As we celebrate the Fourth of July by watching dazzling fireworks shows, another kind of fireworks display is taking place in a small, nearby galaxy.
Pancake-shaped clouds not only appear in the children's book "Cloudy With a Chance of Meatballs," but also 3 billion miles away on the gaseous planet Neptune. When they appeared in July 2015, witnessed by amateur astronomers and the largest telescopes, scientists suspected that these clouds were bright companions to an unseen, dark vortex. The dark vortex is a high-pressure system where the flow of ambient air is perturbed and diverted upward over the vortex. This forms huge, lens-shaped clouds, that resemble clouds that sometimes form over mountains on Earth.
LIGO detects whispers of another black-hole merger
Nature 534, 7608 (2016). http://www.nature.com/doifinder/10.1038/nature.2016.20093
Author: Davide Castelvecchi
After historic first discovery last September, twin observatories detected gravitational waves again on Boxing Day.
The first gravitational-wave source from the isolated evolution of two stars in the 40–100 solar mass range
Nature 534, 7608 (2016). doi:10.1038/nature18322
Authors: Krzysztof Belczynski, Daniel E. Holz, Tomasz Bulik & Richard O’Shaughnessy
The merger of two massive (about 30 solar masses) black holes has been detected in gravitational waves. This discovery validates recent predictions that massive binary black holes would constitute the first detection. Previous calculations, however, have not sampled the relevant binary-black-hole progenitors—massive, low-metallicity binary stars—with sufficient accuracy nor included sufficiently realistic physics to enable robust predictions to better than several orders of magnitude. Here we report high-precision numerical simulations of the formation of binary black holes via the evolution of isolated binary stars, providing a framework within which to interpret the first gravitational-wave source, GW150914, and to predict the properties of subsequent binary-black-hole gravitational-wave events. Our models imply that these events form in an environment in which the metallicity is less than ten per cent of solar metallicity, and involve stars with initial masses of 40–100 solar masses that interact through mass transfer and a common-envelope phase. These progenitor stars probably formed either about 2 billion years or, with a smaller probability, 11 billion years after the Big Bang. Most binary black holes form without supernova explosions, and their spins are nearly unchanged since birth, but do not have to be parallel. The classical field formation of binary black holes we propose, with low natal kicks (the velocity of the black hole at birth) and restricted common-envelope evolution, produces approximately 40 times more binary-black-holes mergers than do dynamical formation channels involving globular clusters; our predicted detection rate of these mergers is comparable to that from homogeneous evolution channels. Our calculations predict detections of about 1,000 black-hole mergers per year with total masses of 20–80 solar masses once second-generation ground-based gravitational-wave observatories reach full sensitivity.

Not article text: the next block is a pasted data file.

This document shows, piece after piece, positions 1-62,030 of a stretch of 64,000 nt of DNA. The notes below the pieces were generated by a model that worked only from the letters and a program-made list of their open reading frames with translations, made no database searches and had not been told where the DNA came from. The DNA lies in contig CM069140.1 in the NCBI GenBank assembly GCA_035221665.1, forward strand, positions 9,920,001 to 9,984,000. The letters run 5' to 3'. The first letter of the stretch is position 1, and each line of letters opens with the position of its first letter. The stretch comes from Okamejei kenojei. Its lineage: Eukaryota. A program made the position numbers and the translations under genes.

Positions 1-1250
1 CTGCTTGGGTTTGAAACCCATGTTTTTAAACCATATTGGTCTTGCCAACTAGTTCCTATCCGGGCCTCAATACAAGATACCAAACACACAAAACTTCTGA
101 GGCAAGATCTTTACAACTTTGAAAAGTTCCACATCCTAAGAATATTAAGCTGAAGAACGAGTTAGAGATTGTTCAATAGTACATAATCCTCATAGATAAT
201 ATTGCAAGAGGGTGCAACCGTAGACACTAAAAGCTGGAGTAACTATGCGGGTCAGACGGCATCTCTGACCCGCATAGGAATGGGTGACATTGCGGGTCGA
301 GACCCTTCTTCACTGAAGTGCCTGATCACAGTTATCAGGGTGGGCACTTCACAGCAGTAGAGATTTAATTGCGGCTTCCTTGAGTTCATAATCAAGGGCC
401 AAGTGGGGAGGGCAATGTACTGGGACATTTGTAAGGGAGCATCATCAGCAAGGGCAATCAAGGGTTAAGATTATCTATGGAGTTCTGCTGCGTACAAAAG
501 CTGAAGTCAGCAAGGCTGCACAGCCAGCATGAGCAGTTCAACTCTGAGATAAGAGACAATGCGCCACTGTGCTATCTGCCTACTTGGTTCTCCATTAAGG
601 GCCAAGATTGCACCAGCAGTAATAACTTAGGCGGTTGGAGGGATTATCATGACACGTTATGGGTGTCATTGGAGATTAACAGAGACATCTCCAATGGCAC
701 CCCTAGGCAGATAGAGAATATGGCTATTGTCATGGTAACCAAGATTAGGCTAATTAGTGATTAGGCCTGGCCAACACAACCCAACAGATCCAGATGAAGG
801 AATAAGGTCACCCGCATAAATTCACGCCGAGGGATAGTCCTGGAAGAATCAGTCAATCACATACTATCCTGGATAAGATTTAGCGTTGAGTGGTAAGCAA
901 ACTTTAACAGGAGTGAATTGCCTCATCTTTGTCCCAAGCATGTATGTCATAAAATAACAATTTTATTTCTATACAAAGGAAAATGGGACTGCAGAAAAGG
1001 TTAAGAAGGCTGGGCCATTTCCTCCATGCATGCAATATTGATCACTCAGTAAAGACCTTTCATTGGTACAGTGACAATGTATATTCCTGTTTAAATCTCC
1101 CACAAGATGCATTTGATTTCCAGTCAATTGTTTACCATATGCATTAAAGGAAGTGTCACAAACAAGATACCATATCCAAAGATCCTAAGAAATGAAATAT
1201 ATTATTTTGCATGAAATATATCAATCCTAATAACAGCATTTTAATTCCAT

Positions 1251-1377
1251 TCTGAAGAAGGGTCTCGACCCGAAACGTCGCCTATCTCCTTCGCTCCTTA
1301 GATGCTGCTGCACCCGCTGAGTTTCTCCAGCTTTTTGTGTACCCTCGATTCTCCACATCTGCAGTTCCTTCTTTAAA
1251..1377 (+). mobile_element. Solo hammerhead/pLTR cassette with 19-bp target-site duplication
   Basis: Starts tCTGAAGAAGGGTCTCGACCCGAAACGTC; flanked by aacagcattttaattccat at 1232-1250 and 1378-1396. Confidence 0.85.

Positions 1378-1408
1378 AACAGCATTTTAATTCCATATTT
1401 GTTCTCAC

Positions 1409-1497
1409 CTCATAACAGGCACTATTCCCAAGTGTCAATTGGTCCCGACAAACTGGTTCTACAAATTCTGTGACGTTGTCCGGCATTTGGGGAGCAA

Astrophysics: Recipe for a black-hole merger
Nature 534, 7608 (2016). doi:10.1038/534478a
Authors: J. J. Eldridge
The detection of a gravitational wave was a historic event that heralded a new phase of astronomy. A numerical model of the Universe now allows researchers to tell the story of the black-hole system that caused the wave. See Letter p.512
Giant SKA telescope rattles South African community
Nature 534, 7608 (2016). http://www.nature.com/doifinder/10.1038/534444a
Author: Sarah Wild
Struggle in Northern Cape province highlights a balancing act that scientists leading gigantic projects face.
Astronomy: Early galaxy has wisps of oxygen
Nature 534, 7608 (2016). doi:10.1038/534438c
Astronomers have detected oxygen in a 13-billion-year-old galaxy — the first time that the gas has been found at such an early stage of the Universe.A team led by Akio Inoue at Osaka Sangyo University in Daito, Japan, used the powerful Atacama Large Millimeter/submillimeter